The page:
King Tut's tomb: '90%' chance of hidden chambers
Updated 17th March 2016
King Tut's tomb: '90%' chance of hidden chambers
It's a mystery that has evaded the best minds in archeology for decades: the unknown fate of a beautiful queen who ruled over ancient Egypt at the height of its power.
But Nefertiti may be hiding in plain sight, according to a recent theory that's set the Egyptology world buzzing.
Adding credence to that theory, Egyptian Antiquities Minister Mamdouh El Damati announced Thursday that based on preliminary findings from a radar scan of King Tut's tomb site, experts are 90% sure they found two new chambers behind the walls of Tut's resting place.
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British archaeologist Nicolas Reeves speculated in August that Nefertiti was buried in one of those chambers.

What's behind King Tut?

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The scan also revealed metallic and organic material, El Damati said. Experts plan to do additional scanning at the end of the month to determine the size of the chambers and the thickness of the wall, but there will be no digging unless authorities are sure the chambers exist, the minister added.
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El Damati has always been skeptical that Nefertiti is in a chamber behind King Tut. He says he believes there's female royalty behind the boy king, but not Nefertiti.

'Ghost' doorways

After extensive analysis of high resolution images published online last year, Reeves spotted cracks in the walls that could indicate two previously unrecognized "ghost" doorways lay behind.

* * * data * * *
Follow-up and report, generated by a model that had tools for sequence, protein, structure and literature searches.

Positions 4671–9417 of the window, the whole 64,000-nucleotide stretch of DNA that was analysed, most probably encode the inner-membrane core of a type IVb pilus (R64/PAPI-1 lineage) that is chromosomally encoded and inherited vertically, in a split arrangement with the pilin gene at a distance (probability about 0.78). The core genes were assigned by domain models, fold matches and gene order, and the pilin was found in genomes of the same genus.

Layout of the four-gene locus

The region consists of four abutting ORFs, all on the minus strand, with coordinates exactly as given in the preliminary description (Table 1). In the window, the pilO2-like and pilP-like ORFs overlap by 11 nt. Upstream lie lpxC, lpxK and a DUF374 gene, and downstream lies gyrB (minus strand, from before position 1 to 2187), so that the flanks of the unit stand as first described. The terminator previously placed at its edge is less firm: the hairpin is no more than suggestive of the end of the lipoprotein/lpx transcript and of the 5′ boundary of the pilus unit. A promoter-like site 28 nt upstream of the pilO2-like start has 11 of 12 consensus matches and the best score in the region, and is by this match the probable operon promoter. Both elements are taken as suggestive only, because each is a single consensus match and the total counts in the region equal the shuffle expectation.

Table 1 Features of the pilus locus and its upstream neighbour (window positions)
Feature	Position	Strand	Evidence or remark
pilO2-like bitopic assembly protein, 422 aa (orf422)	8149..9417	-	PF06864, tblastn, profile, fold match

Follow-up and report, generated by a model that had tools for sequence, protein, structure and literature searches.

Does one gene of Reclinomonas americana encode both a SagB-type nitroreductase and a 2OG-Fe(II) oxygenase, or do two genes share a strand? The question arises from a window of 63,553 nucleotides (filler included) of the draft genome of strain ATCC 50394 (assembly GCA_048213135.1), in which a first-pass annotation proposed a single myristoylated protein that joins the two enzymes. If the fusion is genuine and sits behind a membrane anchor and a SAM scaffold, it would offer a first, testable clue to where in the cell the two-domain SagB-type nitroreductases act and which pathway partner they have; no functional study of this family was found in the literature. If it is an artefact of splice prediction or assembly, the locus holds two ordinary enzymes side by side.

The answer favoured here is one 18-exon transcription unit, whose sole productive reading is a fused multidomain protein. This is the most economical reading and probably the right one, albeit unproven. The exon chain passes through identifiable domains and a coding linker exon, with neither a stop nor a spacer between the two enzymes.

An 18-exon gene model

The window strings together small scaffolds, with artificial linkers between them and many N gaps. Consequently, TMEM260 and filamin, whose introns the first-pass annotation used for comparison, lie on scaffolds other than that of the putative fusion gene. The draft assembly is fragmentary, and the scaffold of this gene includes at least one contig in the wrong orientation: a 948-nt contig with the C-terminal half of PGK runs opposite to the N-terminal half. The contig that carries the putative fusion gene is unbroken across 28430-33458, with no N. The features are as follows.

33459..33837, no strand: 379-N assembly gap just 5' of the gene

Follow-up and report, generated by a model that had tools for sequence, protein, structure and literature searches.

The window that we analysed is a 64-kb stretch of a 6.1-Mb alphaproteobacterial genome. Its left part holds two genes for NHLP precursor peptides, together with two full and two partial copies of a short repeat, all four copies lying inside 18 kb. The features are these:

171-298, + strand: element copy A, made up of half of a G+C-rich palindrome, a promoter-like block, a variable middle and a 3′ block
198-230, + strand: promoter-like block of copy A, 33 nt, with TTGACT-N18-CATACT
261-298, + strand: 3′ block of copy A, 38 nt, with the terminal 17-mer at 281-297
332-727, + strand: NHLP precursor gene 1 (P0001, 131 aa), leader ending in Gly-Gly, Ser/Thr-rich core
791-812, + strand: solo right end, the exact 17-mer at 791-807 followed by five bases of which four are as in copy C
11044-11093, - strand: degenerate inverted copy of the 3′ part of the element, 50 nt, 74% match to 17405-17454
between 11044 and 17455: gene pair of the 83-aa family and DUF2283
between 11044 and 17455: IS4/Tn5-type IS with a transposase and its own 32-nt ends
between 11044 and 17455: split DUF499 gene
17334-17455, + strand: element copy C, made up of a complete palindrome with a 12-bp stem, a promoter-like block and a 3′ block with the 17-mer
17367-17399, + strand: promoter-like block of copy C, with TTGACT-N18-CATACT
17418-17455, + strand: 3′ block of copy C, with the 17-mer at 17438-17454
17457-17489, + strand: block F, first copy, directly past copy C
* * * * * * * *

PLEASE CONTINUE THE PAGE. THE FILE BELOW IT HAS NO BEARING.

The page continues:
The size of Tutankhamun's tomb -- "less than appropriate" for the final resting place of an Egyptian king -- added more weight to the view. Reeves' hunch is that its unusual size and layout is because it is an extension of an earlier tomb originally designed for a queen, and was repurposed upon Tutankhamun's untimely death at 19 years old.
Since September, Reeves and his team have been using state-of-the-art surveying equipment to look for a secret doorway on the northern wall that would reveal a previously unknown chamber.
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Who was Nefertiti?

Historians say Nefertiti ruled Egypt alongside her husband Amenhotep IV. But after reigning for 12 years she appeared to have vanished. Some Egyptologists believe she became co-regent under a new name, while others think she may have died.
A British Egyptologist and archaelogist believes he may have solved the millenia-old mystery of where Queen Nefertiti is buried. Credit: MICHAEL SOHN/AFP/Getty Imagesfile
The search for her tomb has been a long and drawn out process -- due in no small part to the extra care needed to avoid damaging the historical site.
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"We must find a way to protect the tomb of Tutankhamun," El Damati told CNN in October. "Does that mean we will dig from above, below or from the side? We don't know."
King Tutankhamun's tomb was discovered by Howard Carter in 1922. Although Tutankhamun was a relatively minor pharoah, his tomb has been a treasure trove for experts and remains the most intact tomb ever unearthed.
Other ideas floated for who might occupy a possible chamber include Kia, said to be Tutankhamun's mother, or other family members.
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But if it is Nefertiti's final resting place, experts say the finding would be monumental.
"When we find Nefertiti, I think it will be more important than the discovery of King Tutankhamun himself," said El Damati.
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